As schools in Kerala started online classes on Monday morning, a young girl in Malappuram district despaired. She had neither a TV nor a smartphone.
In the afternoon, the Class 10 student went missing from her house. Her charred body was found from a deserted spot near her home around 3.30 pm.
The girl, said to be a good student, set herself on fire, said the police.
"There is a television at home but that has not been working. She told me it needed to be repaired but I couldn't get it done. I couldn't afford a smartphone either," the girl's father, a Scheduled Caste daily wager with little income during the ongoing coronavirus lockdown, told reporters.
"I don't know why she did this. I said we could look at options, like going to a friend's house," he said.
The young girl's mother had given birth only a few weeks ago and the family had hardly any money.
"The family was financially very strained and the girl was worried she would not be able to study further, or that her studies would be affected. Initial reports suggest she was upset about not having access to the TV or online classes since they started," a senior police official told NDTV.
Kerala Education Minister C Raveendranath has sought a report from district-level education officials on this tragic incident.
Fighting COVID-19, the southern state began its academic year on June 1 via online classes called "First Bell", telecast on the Victers Channel. A detailed timetable was handed to all students from Class 1 to 12.
But an estimated 2.5 lakh students in the state don't have access to either a TV or devices that can access the internet. Officials say mostly those from backward or marginalized sections face this. The government is working towards viewing centres or giving laptops to small groups with help from sponsors.
Congress leader Rahul Gandhi, who is a Lok Sabha MP from Kerala's Wayanad, wrote to the District Collector today and said online classes posed significant challenges for students with limited access to smartphones, computers and reliable internet connections.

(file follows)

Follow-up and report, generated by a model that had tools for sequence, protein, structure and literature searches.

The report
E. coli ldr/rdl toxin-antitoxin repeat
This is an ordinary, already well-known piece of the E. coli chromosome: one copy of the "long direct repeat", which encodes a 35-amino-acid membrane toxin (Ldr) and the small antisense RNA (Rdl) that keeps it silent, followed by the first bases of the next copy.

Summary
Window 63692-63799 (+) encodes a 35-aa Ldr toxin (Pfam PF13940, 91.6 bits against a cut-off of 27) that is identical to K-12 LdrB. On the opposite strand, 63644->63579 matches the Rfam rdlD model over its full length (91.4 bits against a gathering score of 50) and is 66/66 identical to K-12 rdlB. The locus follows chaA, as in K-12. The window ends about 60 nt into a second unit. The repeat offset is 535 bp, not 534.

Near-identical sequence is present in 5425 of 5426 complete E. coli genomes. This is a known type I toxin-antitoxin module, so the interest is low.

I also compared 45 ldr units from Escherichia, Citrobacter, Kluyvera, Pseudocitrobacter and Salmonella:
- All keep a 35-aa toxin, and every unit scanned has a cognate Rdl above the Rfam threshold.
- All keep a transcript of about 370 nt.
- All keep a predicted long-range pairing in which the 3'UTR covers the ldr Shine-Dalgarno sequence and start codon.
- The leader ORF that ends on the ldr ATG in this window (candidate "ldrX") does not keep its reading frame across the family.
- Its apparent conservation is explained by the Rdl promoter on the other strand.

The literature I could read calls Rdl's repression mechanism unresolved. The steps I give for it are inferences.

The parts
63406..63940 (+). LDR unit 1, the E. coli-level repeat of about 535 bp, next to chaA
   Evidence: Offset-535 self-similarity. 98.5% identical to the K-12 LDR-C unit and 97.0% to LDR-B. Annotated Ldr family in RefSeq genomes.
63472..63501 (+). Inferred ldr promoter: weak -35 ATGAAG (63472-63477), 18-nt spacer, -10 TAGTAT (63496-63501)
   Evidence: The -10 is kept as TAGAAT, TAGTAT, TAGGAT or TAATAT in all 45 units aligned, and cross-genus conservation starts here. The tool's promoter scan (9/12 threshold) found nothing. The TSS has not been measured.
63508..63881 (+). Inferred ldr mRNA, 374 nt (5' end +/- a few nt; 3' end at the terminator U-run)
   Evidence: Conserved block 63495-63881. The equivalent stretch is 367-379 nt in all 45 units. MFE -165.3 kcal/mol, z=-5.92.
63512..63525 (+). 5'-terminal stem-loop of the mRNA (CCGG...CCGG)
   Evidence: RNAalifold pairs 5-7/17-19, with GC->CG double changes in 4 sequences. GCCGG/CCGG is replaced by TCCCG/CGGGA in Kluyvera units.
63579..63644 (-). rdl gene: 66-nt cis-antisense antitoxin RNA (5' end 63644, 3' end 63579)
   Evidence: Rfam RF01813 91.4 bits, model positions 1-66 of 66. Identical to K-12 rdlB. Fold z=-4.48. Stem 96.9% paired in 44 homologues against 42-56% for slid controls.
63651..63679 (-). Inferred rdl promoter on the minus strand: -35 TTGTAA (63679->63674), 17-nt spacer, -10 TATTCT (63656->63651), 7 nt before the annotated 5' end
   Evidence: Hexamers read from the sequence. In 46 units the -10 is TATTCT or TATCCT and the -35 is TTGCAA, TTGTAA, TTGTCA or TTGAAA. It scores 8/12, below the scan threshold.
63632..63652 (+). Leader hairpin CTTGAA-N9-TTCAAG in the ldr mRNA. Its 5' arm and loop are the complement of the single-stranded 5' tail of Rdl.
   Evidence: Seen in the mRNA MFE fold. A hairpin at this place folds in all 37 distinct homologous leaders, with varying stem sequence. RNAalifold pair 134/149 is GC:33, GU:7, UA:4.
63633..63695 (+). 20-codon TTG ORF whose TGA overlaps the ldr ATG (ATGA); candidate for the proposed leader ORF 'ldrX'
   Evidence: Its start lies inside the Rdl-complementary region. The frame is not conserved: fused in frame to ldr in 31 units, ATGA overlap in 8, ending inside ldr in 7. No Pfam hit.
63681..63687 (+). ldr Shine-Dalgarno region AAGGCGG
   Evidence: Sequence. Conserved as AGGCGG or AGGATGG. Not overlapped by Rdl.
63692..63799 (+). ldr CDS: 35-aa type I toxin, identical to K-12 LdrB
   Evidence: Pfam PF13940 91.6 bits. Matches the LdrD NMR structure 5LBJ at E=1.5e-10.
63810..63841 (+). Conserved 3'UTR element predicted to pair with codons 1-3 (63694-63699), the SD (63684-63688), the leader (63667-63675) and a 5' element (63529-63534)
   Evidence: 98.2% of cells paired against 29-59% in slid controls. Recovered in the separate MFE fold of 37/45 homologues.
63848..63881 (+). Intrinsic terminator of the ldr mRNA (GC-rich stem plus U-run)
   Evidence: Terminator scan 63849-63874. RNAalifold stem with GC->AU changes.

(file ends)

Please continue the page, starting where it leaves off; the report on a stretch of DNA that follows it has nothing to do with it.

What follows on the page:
Schools and colleges were shut in March after the nationwide lockdown to break the coronavirus chain of transmission. On Sunday, while extending the lockdown to June 30, the centre said educational institutions may open in July after consultations with states and other stakeholders, including parents.
In the meantime, classes at several schools across the country are being conducted online, something the Home Ministry has encouraged amid the lockdown.
Kerala, which recorded the first three coronavirus cases in India, has done remarkably well in containing the spread of the virus. There have been only 1,326 confirmed cases so far, with only 708 of them listed as active cases.
India is nearing the two lakh cases mark, with over 8,000 fresh cases reported in the past 24 hours, according to Health Ministry data Tuesday morning.
(If you need support or know someone who does, please reach out to your nearest mental health specialist.)
AASRA: 91-22-27546669 (24 hours)
Sneha Foundation: 91-44-24640050 (24 hours)
Vandrevala Foundation for Mental Health: 1860-2662-345 and 1800-2333-330 (24 hours)
iCall: 022-25521111 (Available from Monday to Saturday: 8:00am to 10:00pm)
Connecting NGO: 18002094353 (Available from 12 pm - 8 pm)